A record number of U.S. workers said that they are likely to be laid off in the next 12 months as the unemployment rate is rising in the wake of the CCP Virus outbreak, according to the latest Gallup poll.
The poll, released on April 22, showed that one-quarter of employed U.S. adults think they are likely to lose their jobs in the next year, with 9% saying it is “very likely” and 16% saying “fairly likely.”
The latest reading represents a record-high percentage of U.S. workers who think they will get laid off in Gallup’s 45-year trend, and it comes one year after hitting 8%, which matched the lowest level.
The number also dwarfs the previous record of 21% seen after the financial crisis in 2008.
The poll showed that 37% of workers employed full or part time think they are “not too likely” and 38% say they are “not at all likely” to lose jobs or be laid off.
Few employed Americans predict that they would last a year (12%) or longer (12%) before experiencing significant hardship if they were to lose their jobs. Three-quarters said they would last less than a year, including 13% who could go only one week, 28% up to one month, and 34% no more than four months.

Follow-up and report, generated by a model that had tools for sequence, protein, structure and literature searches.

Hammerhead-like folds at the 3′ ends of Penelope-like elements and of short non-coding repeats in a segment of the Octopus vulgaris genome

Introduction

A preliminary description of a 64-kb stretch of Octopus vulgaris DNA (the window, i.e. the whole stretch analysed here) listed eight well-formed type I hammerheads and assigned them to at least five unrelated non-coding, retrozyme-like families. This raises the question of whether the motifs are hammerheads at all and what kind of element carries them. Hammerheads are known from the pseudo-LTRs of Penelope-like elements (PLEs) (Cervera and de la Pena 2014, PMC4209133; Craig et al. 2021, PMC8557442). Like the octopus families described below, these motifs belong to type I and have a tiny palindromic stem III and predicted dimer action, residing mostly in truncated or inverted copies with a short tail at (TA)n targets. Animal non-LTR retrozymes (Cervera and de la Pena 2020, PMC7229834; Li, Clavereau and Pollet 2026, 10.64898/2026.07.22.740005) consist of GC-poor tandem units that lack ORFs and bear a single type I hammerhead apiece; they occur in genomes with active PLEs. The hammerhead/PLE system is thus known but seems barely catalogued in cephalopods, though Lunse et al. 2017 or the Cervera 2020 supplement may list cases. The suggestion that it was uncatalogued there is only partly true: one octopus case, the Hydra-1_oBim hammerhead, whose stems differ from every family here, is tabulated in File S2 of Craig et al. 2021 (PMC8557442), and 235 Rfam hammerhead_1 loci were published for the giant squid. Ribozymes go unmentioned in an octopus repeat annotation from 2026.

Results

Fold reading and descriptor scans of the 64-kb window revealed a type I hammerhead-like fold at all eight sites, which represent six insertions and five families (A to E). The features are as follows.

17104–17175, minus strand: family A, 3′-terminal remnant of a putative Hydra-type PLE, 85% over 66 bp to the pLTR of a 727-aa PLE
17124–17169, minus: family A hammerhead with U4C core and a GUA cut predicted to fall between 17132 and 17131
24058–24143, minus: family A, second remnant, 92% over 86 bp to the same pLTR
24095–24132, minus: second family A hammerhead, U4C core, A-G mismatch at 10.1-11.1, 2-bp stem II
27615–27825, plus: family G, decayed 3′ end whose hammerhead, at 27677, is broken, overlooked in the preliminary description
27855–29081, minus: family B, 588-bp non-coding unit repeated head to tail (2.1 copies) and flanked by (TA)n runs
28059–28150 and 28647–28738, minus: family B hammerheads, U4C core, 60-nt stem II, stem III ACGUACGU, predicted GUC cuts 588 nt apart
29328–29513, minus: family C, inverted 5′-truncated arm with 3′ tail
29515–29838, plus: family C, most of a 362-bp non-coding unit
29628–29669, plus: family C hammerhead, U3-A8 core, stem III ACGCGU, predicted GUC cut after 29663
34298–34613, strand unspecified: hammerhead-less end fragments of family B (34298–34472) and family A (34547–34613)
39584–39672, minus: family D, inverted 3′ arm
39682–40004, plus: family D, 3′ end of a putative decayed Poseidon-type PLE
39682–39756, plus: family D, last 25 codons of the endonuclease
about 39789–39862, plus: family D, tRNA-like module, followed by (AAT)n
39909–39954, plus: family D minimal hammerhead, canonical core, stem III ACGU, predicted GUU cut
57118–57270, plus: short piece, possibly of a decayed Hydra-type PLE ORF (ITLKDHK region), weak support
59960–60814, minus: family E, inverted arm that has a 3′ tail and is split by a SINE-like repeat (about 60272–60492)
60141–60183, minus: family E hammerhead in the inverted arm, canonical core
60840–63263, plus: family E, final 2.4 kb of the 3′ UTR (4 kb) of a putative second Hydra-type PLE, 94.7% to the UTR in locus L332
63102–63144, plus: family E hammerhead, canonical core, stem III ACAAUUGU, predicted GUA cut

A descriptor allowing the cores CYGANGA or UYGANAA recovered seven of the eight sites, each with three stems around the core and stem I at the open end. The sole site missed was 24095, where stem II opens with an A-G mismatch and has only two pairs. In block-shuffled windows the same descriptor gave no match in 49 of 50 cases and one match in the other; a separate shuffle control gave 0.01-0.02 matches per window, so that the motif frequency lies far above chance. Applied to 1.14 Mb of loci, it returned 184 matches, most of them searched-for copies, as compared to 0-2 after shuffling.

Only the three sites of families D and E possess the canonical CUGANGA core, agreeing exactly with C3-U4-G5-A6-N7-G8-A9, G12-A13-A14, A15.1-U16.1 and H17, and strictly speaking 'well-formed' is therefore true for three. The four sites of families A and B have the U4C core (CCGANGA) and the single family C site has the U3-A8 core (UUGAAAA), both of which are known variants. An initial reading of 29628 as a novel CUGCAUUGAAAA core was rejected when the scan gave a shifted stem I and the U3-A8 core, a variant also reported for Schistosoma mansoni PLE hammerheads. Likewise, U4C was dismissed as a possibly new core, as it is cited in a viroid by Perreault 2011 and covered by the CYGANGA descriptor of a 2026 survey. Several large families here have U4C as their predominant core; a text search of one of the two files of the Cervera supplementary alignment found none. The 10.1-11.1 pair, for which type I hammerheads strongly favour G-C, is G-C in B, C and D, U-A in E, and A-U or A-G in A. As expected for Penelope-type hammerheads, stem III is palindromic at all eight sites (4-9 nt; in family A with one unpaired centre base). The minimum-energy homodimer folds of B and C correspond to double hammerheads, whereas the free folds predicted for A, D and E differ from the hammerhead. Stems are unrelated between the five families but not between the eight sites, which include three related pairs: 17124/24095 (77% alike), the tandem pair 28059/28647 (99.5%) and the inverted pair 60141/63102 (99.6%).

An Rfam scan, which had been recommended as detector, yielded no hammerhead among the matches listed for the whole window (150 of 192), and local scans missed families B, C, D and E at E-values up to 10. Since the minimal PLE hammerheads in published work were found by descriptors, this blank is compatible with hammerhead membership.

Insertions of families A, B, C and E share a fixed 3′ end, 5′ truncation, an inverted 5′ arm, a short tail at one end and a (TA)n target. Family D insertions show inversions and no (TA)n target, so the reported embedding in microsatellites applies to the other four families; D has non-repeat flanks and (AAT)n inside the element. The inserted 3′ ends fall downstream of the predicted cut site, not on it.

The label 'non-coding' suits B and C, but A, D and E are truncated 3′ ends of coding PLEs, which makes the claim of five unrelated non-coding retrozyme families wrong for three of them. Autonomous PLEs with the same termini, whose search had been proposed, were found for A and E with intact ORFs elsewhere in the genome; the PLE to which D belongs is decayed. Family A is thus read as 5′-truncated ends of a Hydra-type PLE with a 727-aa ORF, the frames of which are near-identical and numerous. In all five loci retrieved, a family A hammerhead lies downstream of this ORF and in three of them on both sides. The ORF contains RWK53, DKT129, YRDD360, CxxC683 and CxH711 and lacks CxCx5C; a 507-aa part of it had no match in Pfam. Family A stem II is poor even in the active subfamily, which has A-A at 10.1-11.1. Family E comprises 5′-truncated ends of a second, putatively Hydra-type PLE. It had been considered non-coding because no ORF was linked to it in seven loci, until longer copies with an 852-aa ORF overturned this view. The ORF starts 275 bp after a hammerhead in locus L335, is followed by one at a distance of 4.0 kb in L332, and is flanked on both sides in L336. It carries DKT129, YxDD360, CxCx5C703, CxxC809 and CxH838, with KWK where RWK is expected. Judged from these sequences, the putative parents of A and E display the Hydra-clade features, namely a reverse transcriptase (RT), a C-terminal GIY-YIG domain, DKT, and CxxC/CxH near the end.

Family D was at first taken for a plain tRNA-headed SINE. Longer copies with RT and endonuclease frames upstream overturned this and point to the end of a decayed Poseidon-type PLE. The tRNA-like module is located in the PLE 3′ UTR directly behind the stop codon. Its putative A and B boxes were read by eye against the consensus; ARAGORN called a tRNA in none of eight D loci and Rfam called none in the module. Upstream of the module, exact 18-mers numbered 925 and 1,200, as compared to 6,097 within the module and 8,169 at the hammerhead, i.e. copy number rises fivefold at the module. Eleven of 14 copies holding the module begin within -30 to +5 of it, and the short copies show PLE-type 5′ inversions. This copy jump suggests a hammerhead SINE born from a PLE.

Gallup conducted the poll from April 1 to 14 as more than 20 million U.S. workers have filed for unemployment benefits, and many more have been furloughed by their employers, meaning they continue to receive benefits, though not pay.
The CCP Virus pandemic has led Americans to be fearful about losing their own job, as well as shaken their confidence in the U.S. economy.
Another poll also released Wednesday by Morning Consult showed that U.S. consumer confidence has ticked up from a record drop, but they are not getting their hopes up.
The Morning Consult index had fallen to a record low of 81.23 in the first week of April from a record high of 115.7 in February. It’s since edged up a few points as it appears the worst of the virus pandemic is past.